I think the key words in Anita’s post were “sometimes” and “experienced.” It isn’t always appropriate or necessary to keep our opinions to ourselves, but sometimes it can be the best choice. And, experienced teachers can make the choice.

          There are many ways to engage in meaningful communication, even without involving opinions or controversy. Any time we have a purpose in communication (to tell about ourselves, to get information, to play a game, etc.) it’s meaningful.

          Most of the time, if my students ask my opinion, I’ll give it. But sometimes, when my honest answer would derail the discussion or switch the focus from my students to me, I’ll remain quiet. It’s the choice I make as an experienced teacher.

          1. Hmm, valid points. When it comes to derailing a discussion I’ve had instances where I’ve had the same thoughts. Usually my tack is to tell them I’d like to hear the conversation play out and then I’ll give them my opinion as it starts to wind down. This way they get the speaking time and, most likely, once you add your input you might get the topic rolling again.

  8. Room 3 says:

    That is very interesting. Me and the other kids in room 3 will look forward to seeing more posts. Come see our blog. We will love to hear from you.
    From Lewis (Room 3 student)

  9. eisensei says:

    Hi all,

    First of all, thank you Darren for giving me this link; I was very surprised to see that someone else had started this discussion just before I did. What are the chances of that?

    After reading the comments, I noticed that all of you seem to be referring to in-class situations, but what about out-of-class situations and the spontaneous conversation that arises therein? Should we always be on teacher mode?

    Also, Darren, referring to your comment on my blog about this question, you mentioned that you teach first year university students and that you are old enough to be their father. In that case, it may be more difficult to get close to students, and perhaps it could be argued that it would be in fact better to keep some distance, but what about those teachers who are still in their twenties or early thirties? Should they, too, keep the same distance?

    cheers
    eisensei

  10. eisensei says:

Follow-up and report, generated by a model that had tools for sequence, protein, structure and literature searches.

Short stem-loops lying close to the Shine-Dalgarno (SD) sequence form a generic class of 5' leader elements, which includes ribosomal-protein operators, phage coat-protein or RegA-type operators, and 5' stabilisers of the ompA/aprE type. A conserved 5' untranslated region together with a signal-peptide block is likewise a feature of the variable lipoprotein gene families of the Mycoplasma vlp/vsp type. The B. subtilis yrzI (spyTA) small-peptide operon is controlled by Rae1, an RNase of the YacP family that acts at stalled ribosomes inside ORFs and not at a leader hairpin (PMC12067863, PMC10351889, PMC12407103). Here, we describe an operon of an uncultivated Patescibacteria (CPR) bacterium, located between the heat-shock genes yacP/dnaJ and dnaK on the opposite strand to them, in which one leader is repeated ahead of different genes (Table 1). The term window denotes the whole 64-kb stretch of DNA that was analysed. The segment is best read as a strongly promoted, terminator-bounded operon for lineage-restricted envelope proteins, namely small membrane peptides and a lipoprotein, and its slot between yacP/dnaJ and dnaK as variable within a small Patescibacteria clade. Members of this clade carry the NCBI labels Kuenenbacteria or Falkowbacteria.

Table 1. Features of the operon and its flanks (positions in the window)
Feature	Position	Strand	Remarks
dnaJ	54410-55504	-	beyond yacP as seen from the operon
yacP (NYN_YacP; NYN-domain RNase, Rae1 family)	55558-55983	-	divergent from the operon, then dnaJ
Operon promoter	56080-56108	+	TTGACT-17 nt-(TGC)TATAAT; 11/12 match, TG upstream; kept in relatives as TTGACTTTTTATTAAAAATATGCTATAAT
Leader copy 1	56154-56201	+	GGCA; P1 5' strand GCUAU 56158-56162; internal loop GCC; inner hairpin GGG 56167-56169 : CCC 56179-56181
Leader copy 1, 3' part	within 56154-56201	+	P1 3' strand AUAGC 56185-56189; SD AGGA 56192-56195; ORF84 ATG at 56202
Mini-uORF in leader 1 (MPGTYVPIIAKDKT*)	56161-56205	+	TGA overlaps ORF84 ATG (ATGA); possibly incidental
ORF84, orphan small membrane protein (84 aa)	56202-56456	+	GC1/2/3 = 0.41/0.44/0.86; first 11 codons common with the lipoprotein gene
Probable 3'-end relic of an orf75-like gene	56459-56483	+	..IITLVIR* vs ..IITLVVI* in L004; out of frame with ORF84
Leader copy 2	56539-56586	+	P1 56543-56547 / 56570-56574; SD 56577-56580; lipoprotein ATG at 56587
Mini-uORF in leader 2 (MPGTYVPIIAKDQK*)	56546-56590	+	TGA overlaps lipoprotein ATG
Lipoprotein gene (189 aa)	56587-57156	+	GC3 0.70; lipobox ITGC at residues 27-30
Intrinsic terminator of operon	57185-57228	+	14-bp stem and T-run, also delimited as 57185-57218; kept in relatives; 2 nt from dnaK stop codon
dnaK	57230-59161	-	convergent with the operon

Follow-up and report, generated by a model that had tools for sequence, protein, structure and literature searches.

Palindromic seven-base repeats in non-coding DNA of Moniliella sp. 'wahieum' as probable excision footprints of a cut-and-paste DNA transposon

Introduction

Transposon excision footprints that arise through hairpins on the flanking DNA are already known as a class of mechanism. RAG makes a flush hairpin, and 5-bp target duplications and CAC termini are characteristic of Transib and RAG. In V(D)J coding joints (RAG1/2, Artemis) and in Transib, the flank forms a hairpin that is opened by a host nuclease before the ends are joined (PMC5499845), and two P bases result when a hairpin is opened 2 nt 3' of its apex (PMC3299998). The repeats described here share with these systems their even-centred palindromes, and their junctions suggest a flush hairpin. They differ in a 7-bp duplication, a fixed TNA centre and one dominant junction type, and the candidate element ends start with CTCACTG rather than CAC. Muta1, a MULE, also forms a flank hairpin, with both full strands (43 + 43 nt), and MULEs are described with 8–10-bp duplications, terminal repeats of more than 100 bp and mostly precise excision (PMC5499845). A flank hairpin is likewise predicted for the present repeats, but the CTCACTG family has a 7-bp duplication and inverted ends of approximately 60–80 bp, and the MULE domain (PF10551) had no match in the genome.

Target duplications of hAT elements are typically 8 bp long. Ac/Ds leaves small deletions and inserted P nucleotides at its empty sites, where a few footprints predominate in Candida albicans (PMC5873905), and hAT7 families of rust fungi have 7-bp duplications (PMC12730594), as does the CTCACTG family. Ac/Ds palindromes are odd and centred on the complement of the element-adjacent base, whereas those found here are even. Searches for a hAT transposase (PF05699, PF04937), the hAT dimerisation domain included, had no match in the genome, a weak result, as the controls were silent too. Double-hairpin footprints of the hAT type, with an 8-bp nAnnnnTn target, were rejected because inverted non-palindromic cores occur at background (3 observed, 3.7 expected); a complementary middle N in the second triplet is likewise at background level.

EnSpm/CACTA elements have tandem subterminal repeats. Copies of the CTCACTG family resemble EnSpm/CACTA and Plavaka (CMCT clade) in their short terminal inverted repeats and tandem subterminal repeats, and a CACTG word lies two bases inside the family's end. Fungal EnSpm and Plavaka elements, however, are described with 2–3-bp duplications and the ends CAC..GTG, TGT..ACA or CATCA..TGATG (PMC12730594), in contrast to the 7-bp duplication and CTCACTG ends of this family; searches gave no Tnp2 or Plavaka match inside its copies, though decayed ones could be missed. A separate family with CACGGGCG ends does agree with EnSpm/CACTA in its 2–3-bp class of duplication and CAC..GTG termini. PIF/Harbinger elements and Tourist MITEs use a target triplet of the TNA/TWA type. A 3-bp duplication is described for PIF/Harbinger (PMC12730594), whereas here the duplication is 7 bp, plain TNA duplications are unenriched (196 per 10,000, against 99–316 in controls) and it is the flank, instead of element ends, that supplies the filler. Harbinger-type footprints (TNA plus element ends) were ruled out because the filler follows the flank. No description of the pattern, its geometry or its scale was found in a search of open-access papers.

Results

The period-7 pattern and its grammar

Hi Barbara,

    Thanks for the comment.

    I think you made a very good point about the fair exchange of personal information, and I think it’s worth considering in and out of class. I also appreciate the idea because it’s not about keeping distance per se, but about making sure that everyone is involved fairly in the discussion.

    Cheers,
    eisensei

  11. darren says:

    Well, steady on! I am TECHNICALLY old enough. I feel I must point out that I’m still a freshfaced thirty something. But as Barbara says, to the kids we are all ancient….

  12. Social comments and analytics for this post…

    This post was mentioned on Twitter by ShellTerrell: Sometimes Less is More (by Anita Kwiatkowska) http://bit.ly/cu1QJ2 via @barbsaka…

  13. Hmm… I’m with Nick and quite emphatically… except for the kids and Santa thing – no point really.

    But with adults as in the example that Anita gave above I think it’s really awful and actually to be frank, dishonest and really quite mean – they wanted an opinion not an soap advertisement.

    The line can be skated on finely as in “I’m aware of the health benefits or “I’m not aware of the health benefits and will look into them – it’s an interesting point” – “I personally don’t agree but respect those who do” we all know that many cultures fast so just shirking the issue – you’re in the classroom, you aren’t the textbook.

  14. Karenne,

    In that particular situation it made no sense for me to give my opinion for one basic reason: the students were already divided into 2 ‘for’ and ‘against’ groups. If had expressed my ideas I would have automatically joined one team and they would be the ones who ‘won’ the discussion. What would be the point of that?

    Obviously, there are situations when we, as teachers should/ have to speak our mind. I remember taking active part in debates about communism, for example, having lived it through myself. Your pregnancy story is yet a better example.

    On the other hand, there is an issue of conformism. To cut a long story short, I cannot speak openly about certain issues in my present situation. I cannot even write here why. But if you want to know, don’t hesitate to email me :)

    1. With the major limitations on free speech (legal or, more often, simply social) in Turkey compared to other countries this is a very valid point and I’d agree with you. I think perhaps that is a topic for another day and, for those of us in these situations, offline :P. However, nothing makes me angrier than the limiting of my personal freedoms in the online sphere on top of the daily issues that arise in our everyday lives.

  15. […] Anita Kwiatkowska’s guest post on Teaching Village on opinions in the classroom […]